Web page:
Senior Hugs and Silver Linings
Dreams and reality collided on Saturday afternoon in Maples Pavilion, where the Stanford Cardinal trounced the Arizona State Sun Devils 79-57. The Cardinal shooting was dreamy, as was the 22-point margin of victory, which was the largest in years for the Card over this particularly tenacious opponent, but the bittersweet reality of Senior Day goodbyes tinged the occasion. Stanford does host the first two rounds of the NCAA tournament, but that is an NCAA event, not a Stanford event, and home will not quite be home again. The crowd won't be the same cheering maniacs (or polite clappers) in their usual places. The feel of the place will be not so subtly altered. There may be games left at home, but the last true home game is done. We hope "Think Pink" raised a boatload of money for breast cancer research, but all the pink, including one gentleman in a pink tutu and a rather tall fellow wearing a shocking pink shower cap, made the game atmosphere a bit surreal. Candice Wiggins is leaving the house and we're all decked out in funny pink outfits? Maybe this isn't really happening. Shouldn't we get a do-over in cardinal? Of course, nobody would want a mulligan on the beautifully played win. The shots were hitting home at a furious pace for both the Cardinal and the Sun Devils. Both teams finished the game shooting over 50% overall and from three-point range. The Cardinal pulled away for a blowout win because they took 12 more shots than did the Sun Devils. It seems odd to claim strong defense when the other guy shoots 51%, but an excellent defensive effort, especially in the second half, is exactly what drove the Cardinal to victory. Stanford forced the Sun Devils into 22 turnovers (10 steals) and several shot clock violations. When Arizona State found a sliver of an opening, they were sinking their shots, so the Card made the good looks scarce. Said Stanford head coach Tara VanDerveer, "I thought our team played a great game. Arizona State is a really tough team. We had to play well to be successful. Our defense really stepped up. In the beginning, we got run on a little bit and they got some O boards, but in the second half, we did a really good job rebounding and defending in transition." The Sun Devils got strong play from sophomore guard Dymond Simon (13 points and 3-6 from three-point range) and junior posts Lauren Lacey (11 points and 3-3 from beyond the arc) and Sybil Dosty (5-6 for 10 points plus 6 rebounds). "We definitely weren't as good as we wanted to be, but man, Stanford was really good. We may have had to be flawless today defensively to shut them down. [At the end of the game] we didn't have a chance to win. We've never been in that situation this year. We've not been blown out," said Arizona State head coach Charli Turner-Thorne. "If Stanford shoots like that, I don't know anybody that can beat them." To no one's surprise, senior guard Candice Wiggins led Stanford with 23 points on 8-14 shooting even though she met with some foul trouble in the first half and had to sit for 7 minutes. Wiggins also had 5 steals. Center Jayne Appel had a dominant day, scoring 17 points on 8-14 shooting and imposing herself on the ASU posts. There were not many rebounds to be had with all the hot shooting, but Appel collected 9 of them. She was deadly on the offensive boards, where she relentlessly piled up the points by capturing the few stray Cardinal shots and putting them where they belonged. Appel, who has taken her passing to new levels in the last month or so, also led the Cardinal with 6 assists. Her best pass, or at least the most eye opening, was a low, backward flip to Wiggins, who was cutting to the hoop. Wiggins could not quite control the ball for the finish, so no assist for Appel, but that was almost the play of the day. Another potential play of the day was a nifty crossover and lay-up from guard Jeanette Pohlen, who contributed several aggressive forays to the hoop with good results. If she did not make the shot, Appel was lurking to clean things up. Guard Ros Gold-Onwude had a sensational shooting day, going 5-6 from beyond the three-point line and totaling 17 points, her career high. Guard JJ Hones rounded out the double-digit scorers with 11 points. Senior guard Cissy Pierce made her last shot in a Pac-10 game at Maples Pavilion a good one, swishing a long jumper late in the second half. Tara VanDerveer was particularly pleased with the attitude and improved play of Gold-Onwude, who responded well after being dropped from the starting line-up several weeks ago when JJ Hones claimed the starting point guard position. "Personally I thought this was Ros' best game at Stanford. She was really poised. She took care of the ball. She played great defense, worked very hard. [ASU guard] Briann January is a tremendous player. [Gold-Onwude] knocked down shots. It wasn't challenging enough so Ros had to bank one in too," said VanDerveer. Gold-Onwude might be queen of the great banked shot. She's made 3 or 4 memorable banked three-pointers. It is a good knack to possess. This game provided the silver lining to the dark cloud of the Cardinal doing without starting forward Jillian Harmon for a few weeks. The Card did much more than simply make do without their hustle player; they thrived on the perimeter in new and exciting ways. Stanford started three guards, Wiggins, Hones, and Gold-Onwude. Against a Sun Devil defense that can stick like glue, the Cardinal guards hit 11-19 three-point shots. Wiggins went 2-5 from beyond the arc. Hones popped in 3 triples at a 60% rate. Gold-Onwude's 5 three-pointers in 6 attempts were the most of her career. The Cardinal guard trio proved to be a fine counter to the Sun Devils' three-guard setup. "We've won a lot of games without shooting the ball really well. I think I can probably count on one hand the number of times we've hit over 50% this year. What I like about Ros' situation or Candice's situation is that they're putting in extra time for things they know we need to work on, watching extra video, getting in the gym and knocking down shots," commented VanDerveer. The Card need Harmon back, but the changes forced by her absence may see her return to a stronger, deeper team. The three-guard line-up worked well, and could be a very viable option if the Cardinal feel the need for some extra perimeter firepower or smaller, quicker perimeter defenders. "We've been really focused on shooting these past couple of practices, especially when players like Candice and Jayne draw so much attention, our post players draw a lot of attention. They draw my defense and they kick it out, and I've got to be ready to knock it down," offered Gold-Onwude. "I've been working on that." "We're all good shooters," opined Wiggins. "We shoot every day. We get together and have each other's backs, always encouraging [each other]. We've been having a shooting slump throughout the season, but we know we're great shooters. We're starting to change. It's starting to get contagious. We're gaining momentum with that." Is it surprising that the Cardinal's shooting may be coming around just in the nick of time? Maybe not, because the "Infamous LA Collapse" had far-reaching consequences that are still pinging off the gym walls today. "We dug ourselves a hole, but we're really working hard to dig ourselves out," said VanDerveer. "Each game for us is for the Pac-10 championship because if we lose one, we know we'll be out of it. We don't have any cushion. I think, quite honestly, that it's helped us focus and will help us for the NCAA tournament, because that's how that is. Each game is to move on. Our team has internalized that in a good way. We understand what the consequences are when we don't play well. We were able to learn that lesson in early January, and since then everyone has worked harder. We've practiced harder. There's more at stake, but it's been good." It's been more than just good to watch seniors Cissy Pierce and Candice Wiggins play their four seasons at Stanford. Even though they could have as many as 12 more games to play, now is as good a time as any for a farewell in writing. Soon it will be all about the team and whether they can win one more game, and then one more game, and then one more game. Any goodbye then will be to the team and the season, and there won't be much time to consider the individual endings until well after all the hubbub dies away. Pierce maybe did not hit the heights of stardom commensurate with her impressive athletic gifts, but it has always been a hoot to watch "Air Pierce" take flight. Pierce almost floats above the fray, loping and gliding, occasionally pausing for a moment to elevate effortlessly and let fly a high arcing shot or float on up to the basket from well beyond the reach of pesky earth-bound defenders who never even noticed her slip by them so quickly in transition. Repeat after me, "No one is faster than Cissy." Playing human pinball in the mosh pit as is allowed these days never really seemed to suit her. I recall one moment early in her career when Pierce glided in for a seemingly easy lay-up and a late-arriving defender collided with her and sent her bouncing off sharply, like a billiard ball sent flying off at an angle by a crisply struck cue ball. When you are that high, you can bounce a long way. There was no foul, of course. Pierce had her best season her junior year, when she started a number of games and was a key perimeter defender. There is time left for continued significant contributions from this cerebral senior. "Air Pierce" plays on some higher plane that only she can reach. It has been a pleasure to watch her fly. This senior day was the day Stanford partisans have been dreading, the day that not even Tara VanDerveer could forestall with her "Candice is not a senior" mantra. She hasn't said that lately, even in jest. It is no joke, anymore. There have been many fantastic and beloved players to wear cardinal. The Stanford record books boast All-Americans galore and honors aplenty. Candice Wiggins sits at the very top of the list. Few players at Stanford, or anywhere else, have combined such talent and drive. Everyone loves to root for the scrappy underdog who is maybe not so athletically gifted, but who works incredibly hard and makes the most of her gifts. In Wiggins, we got a supremely talented player who makes the most of her abilities and plays with the heart and intensity usually reserved for the scrappiest of underdogs. When you add to the mix the sheer joy with which she plays and the leadership she displays with teammates for whom she obviously cares deeply and who just as obviously return the feeling, you get a little miracle. All too soon Wiggins' school records and Pac-10 records will be final, and Stanford fans will be very happy or sad about the Cardinal's NCAA experience. For the moment, we still get the joyful anticipation of what might be and the thrill of watching the kind of player who just doesn't come around very often. I have a hunch that we have not seen the best yet, either of Wiggins or the Cardinal. That may be saying a lot considering some of the triumphs that have already made this a special season, but the Card are still growing as a team, problem areas such as shooting are breaking positively, and Wiggins no longer seems to be fighting herself a little, struggling with senior urgency as she had been earlier in the season. Maybe like her fans, she has given up trying to stop the clock. All good things must come to an end, right? I've never figured out why, since bad things don't get the same injunction, but that is the deal, like it or not. This good thing is ending, but thankfully, and maybe with a little luck, which a team needs in the NCAA tournament, not just yet. We get to keep Wiggins around for a little longer. Even though some possibly misguided soul gave me license to ramble here, I am simply a fan. And although I get emotionally invested in the Cardinal each year and find myself attached to the players for whom I have been cheering my silly head off, I have discovered that I am not nostalgic. I tape games, but I rarely ever watch those recordings. I do enjoy following former Cardinal players. I keep my eye on the Sacramento Monarchs to see how Nicole Powell is doing, and I keep up with the careers of those who are playing overseas. I have found, however, that while I am always sad when seniors leave, I never really miss them much. When the next season starts and I am in my seat in Section 4, I never think, "The team looks strange without so-and-so. I really wish she were out there." It is always about now, who is out there now, what are the issues now. I don't wish for the past, not when the present is before my eyes. No matter how good the player was or how much I enjoyed her game, I don't wish her back or feel her absence as the next season begins. For instance, I dearly loved watching Brooke Smith spin those hook shots, and felt rather sad that I'd probably never see one spinning into the basket in front of my eyes again, but I knew as she left that while a hook might cross my mind occasionally, it would not be while I was sitting in Maples watching the Cardinal play, unless Smith herself happened to be on the premises. I thought I'd miss Powell, who I very much enjoyed watching. I didn't. I'm sad when players go, but honestly, I've never missed a one, and I have learned to expect not to miss them. We all know that sad departures are part of the natural cycle of college athletics. Part of what makes the college game great is the ephemeral nature of a college team. Players come and go. Chances are fleeting. My internal fan clock resets each fall as the team is renewed. This Senior Day I'm not so sure of myself. I can't know until I sit in my seat sometime next October or November and look out at next season's edition of the Cardinal, but I think even with all the excitement over the new possibilities, I will sit there and for the first time ever, keep feeling that something just isn't right, that someone is missing. Yeah, I think I'm really going to miss Candice Wiggins. Somehow I doubt I'll be the only one. Beat Cal!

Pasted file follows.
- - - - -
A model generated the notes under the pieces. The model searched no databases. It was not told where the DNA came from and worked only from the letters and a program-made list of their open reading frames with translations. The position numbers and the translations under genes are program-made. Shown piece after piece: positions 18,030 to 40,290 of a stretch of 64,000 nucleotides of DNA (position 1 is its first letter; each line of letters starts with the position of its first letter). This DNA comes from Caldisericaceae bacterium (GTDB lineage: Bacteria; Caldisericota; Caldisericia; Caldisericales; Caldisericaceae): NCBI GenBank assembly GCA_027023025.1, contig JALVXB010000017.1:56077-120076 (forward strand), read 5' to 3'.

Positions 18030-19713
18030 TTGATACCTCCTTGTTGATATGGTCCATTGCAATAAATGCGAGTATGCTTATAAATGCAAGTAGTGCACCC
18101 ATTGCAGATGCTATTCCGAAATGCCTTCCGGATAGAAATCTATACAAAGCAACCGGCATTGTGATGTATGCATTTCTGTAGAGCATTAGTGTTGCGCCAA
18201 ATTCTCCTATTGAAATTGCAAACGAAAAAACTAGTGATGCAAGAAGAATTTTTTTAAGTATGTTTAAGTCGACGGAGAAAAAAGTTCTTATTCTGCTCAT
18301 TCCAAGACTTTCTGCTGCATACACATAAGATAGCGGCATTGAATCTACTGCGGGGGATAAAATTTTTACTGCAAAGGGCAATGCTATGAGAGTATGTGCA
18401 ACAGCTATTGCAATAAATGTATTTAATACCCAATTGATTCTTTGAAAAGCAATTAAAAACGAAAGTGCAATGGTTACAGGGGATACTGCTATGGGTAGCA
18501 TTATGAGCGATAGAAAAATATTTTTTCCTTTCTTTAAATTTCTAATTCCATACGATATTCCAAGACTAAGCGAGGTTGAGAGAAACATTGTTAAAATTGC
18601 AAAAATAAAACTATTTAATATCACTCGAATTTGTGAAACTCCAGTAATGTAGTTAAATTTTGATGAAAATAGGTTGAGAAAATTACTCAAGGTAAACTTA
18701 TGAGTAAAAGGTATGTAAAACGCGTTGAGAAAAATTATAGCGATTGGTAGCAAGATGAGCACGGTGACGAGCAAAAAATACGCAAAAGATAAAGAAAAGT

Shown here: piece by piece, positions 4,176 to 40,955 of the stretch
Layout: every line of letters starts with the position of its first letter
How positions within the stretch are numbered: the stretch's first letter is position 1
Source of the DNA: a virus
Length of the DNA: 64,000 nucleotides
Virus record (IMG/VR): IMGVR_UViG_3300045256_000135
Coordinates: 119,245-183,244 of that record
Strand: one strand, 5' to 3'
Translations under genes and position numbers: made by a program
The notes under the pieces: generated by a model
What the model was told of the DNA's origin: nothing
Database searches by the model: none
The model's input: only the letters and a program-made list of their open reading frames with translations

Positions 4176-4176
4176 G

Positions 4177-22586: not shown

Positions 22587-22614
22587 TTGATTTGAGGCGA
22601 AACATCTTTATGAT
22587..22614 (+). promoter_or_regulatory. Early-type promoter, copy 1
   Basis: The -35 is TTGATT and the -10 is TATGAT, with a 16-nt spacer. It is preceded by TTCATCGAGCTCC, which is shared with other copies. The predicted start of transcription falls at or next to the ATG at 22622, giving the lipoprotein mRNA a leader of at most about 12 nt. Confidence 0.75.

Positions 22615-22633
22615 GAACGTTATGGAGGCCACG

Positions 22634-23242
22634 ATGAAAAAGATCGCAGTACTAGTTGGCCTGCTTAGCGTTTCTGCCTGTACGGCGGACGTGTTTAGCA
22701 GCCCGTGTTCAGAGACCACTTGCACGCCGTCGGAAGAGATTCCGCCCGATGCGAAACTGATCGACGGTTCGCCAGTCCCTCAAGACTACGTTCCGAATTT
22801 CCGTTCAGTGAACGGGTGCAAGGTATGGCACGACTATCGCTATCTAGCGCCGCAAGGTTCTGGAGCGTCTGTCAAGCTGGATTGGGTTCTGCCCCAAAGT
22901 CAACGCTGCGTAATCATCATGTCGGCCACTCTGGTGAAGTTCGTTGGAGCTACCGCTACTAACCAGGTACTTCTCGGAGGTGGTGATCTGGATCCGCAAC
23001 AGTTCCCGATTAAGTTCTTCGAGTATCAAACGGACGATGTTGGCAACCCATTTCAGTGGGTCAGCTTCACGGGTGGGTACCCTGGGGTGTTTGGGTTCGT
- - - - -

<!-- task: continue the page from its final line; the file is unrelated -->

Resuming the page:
The Bootleg Top Stories
Bootleg Post-Game Report: ColoradoVideo: R.J. Abeytia and Jim Rutter break down Stanford's bitter 10-5 loss to Colorado. Article: Change is coming to Stanford's offense. The question is, what kind and how much?
The BootlegYesterday at 8:15 PM
Colorado Post-Game: Jesse BurkettStanford Center Jesse Burkett talks about Stanford's 10-5 loss to Colorado.
The BootlegSaturday at 8:10 PM
Colorado Post-Game: Coach ShawCoach Shaw was frustrated, a little salty, and entirely accountable following Stanford's 10-5 loss to Colorado.
The BootlegSaturday at 6:45 PM
Opposing Views: ColoradoBrian Howell of the Boulder Daily Camera stops by to discuss Stanford's tilt with the Buffaloes on Saturday.
The BootlegFriday at 8:54 AM